California, like many other states, is seeing a trend toward more frequent and more intense heatwaves, with serious implications for health. Between 2005 and 2015, heat-related emergency room visits increased by 35% across the state, “with disproportionate increases among African Americans, Asian Americans and Latinx residents due to the inequitable impacts of extreme heat,” according to the Los Angeles County Department of Public Health. California State Assembly Bill 585 (AB 585) establishes the Extreme Heat and Community Resilience Program, to be administered by the Governor’s Office of Planning and Research (OPR). Under this bill, the OPR would help communities throughout California to implement climate plans at the local, regional, and state levels. The bill also establishes a specific fund in the state treasury that would be used to award grants for implementing projects focused on responding to adverse effects of extreme heat. AB 585 has already passed in the Assembly and as of June 29, it passed through the Senate Natural Resources and Water Committee. C-Solutions Deputy Director for Community Partnerships David Eisenman was invited to testify at the Senate Committee hearing. You can click here to read his testimony.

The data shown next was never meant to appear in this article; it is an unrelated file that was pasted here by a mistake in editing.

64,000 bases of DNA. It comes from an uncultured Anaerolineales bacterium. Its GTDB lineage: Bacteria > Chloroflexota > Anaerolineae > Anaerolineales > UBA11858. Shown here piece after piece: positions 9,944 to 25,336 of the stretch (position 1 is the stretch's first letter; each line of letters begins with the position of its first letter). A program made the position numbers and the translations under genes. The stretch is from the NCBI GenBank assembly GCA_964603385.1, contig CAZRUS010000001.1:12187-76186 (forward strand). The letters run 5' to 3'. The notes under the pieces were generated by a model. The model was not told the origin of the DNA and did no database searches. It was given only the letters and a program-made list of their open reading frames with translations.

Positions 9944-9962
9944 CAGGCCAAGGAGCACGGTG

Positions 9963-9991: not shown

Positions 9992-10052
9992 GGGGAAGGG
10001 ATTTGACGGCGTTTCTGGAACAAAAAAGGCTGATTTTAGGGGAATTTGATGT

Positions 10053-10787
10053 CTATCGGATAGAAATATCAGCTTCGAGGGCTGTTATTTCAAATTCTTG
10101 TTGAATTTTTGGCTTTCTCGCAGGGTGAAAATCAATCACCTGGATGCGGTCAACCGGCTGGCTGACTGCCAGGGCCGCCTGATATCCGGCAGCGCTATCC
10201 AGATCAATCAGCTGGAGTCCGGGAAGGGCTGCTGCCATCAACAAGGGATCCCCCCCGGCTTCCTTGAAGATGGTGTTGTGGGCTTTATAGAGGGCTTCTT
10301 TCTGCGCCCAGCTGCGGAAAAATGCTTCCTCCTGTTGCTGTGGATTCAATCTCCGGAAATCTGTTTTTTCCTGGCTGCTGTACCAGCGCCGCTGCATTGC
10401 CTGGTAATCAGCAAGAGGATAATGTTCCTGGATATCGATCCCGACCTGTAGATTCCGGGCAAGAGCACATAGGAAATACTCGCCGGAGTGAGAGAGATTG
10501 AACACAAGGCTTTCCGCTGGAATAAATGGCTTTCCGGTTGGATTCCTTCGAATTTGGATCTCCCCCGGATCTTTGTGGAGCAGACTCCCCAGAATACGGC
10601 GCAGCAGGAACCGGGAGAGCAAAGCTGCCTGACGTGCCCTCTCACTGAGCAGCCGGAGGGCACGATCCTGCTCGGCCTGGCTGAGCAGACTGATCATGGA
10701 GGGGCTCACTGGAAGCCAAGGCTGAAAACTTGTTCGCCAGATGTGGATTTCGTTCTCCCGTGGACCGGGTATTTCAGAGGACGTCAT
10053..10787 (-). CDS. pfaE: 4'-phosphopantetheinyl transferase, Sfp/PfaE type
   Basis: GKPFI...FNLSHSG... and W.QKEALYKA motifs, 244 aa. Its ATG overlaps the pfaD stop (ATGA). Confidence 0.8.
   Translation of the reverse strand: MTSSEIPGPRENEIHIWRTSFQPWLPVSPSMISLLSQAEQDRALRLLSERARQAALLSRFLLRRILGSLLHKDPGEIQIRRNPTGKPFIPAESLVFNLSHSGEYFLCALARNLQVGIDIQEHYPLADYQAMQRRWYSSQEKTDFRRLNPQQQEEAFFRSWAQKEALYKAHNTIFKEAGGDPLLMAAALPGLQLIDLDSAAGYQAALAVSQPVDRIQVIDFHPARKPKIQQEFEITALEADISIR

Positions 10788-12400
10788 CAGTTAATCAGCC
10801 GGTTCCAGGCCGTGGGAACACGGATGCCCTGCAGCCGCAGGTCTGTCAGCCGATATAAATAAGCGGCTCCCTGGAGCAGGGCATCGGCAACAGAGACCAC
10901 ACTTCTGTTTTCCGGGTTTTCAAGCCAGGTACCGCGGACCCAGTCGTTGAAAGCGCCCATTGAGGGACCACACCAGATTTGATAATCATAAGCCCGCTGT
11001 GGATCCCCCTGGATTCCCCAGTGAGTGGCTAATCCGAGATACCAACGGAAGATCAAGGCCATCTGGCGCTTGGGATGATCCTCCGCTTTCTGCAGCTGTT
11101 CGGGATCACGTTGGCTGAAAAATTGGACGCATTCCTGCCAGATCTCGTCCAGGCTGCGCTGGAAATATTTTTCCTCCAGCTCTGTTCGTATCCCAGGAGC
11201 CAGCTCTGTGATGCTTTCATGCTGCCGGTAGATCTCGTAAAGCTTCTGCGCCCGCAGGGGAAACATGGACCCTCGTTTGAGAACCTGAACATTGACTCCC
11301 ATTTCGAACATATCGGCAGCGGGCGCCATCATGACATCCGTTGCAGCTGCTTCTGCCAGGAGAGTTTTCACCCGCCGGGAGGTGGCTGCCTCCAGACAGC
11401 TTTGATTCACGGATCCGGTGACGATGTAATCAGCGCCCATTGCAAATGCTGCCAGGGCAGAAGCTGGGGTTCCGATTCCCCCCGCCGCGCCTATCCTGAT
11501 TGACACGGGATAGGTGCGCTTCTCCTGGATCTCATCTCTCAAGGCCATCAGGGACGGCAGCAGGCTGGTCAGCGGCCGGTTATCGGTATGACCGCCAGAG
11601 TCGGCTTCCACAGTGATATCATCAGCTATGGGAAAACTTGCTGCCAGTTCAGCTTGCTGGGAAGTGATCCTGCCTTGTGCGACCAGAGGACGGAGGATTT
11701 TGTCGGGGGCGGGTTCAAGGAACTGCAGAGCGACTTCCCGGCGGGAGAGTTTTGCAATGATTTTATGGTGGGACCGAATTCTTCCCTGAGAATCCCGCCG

AB 897: Regional Resiliency Planning
If our experience working in the field has taught us one thing, it’s that we need strong networks to be effective. AB 897 embodies this principle, allowing for the establishment of regional climate adaptation networks and establishing a role for the OPR to provide the networks with guidelines for creating region-specific climate adaptation plans. Guidelines would focus on evidence-based solutions that show promise in engaging the entire community, improving equity, and promoting health and other benefits. The OPR would also provide technical assistance as well as make recommendations to budget committees on funding opportunities and ways to distribute state funds for implementing adaptation action plans. As we see it, the best part of establishing regional networks is that it can help accelerate actions that improve climate resilience by encouraging the sharing of best practices and better coordination within and across regions. On June 28, AB 897 passed through the Senate Environmental Quality Committee.
C-Solutions researchers take home 2021 UCLA Green Gala Awards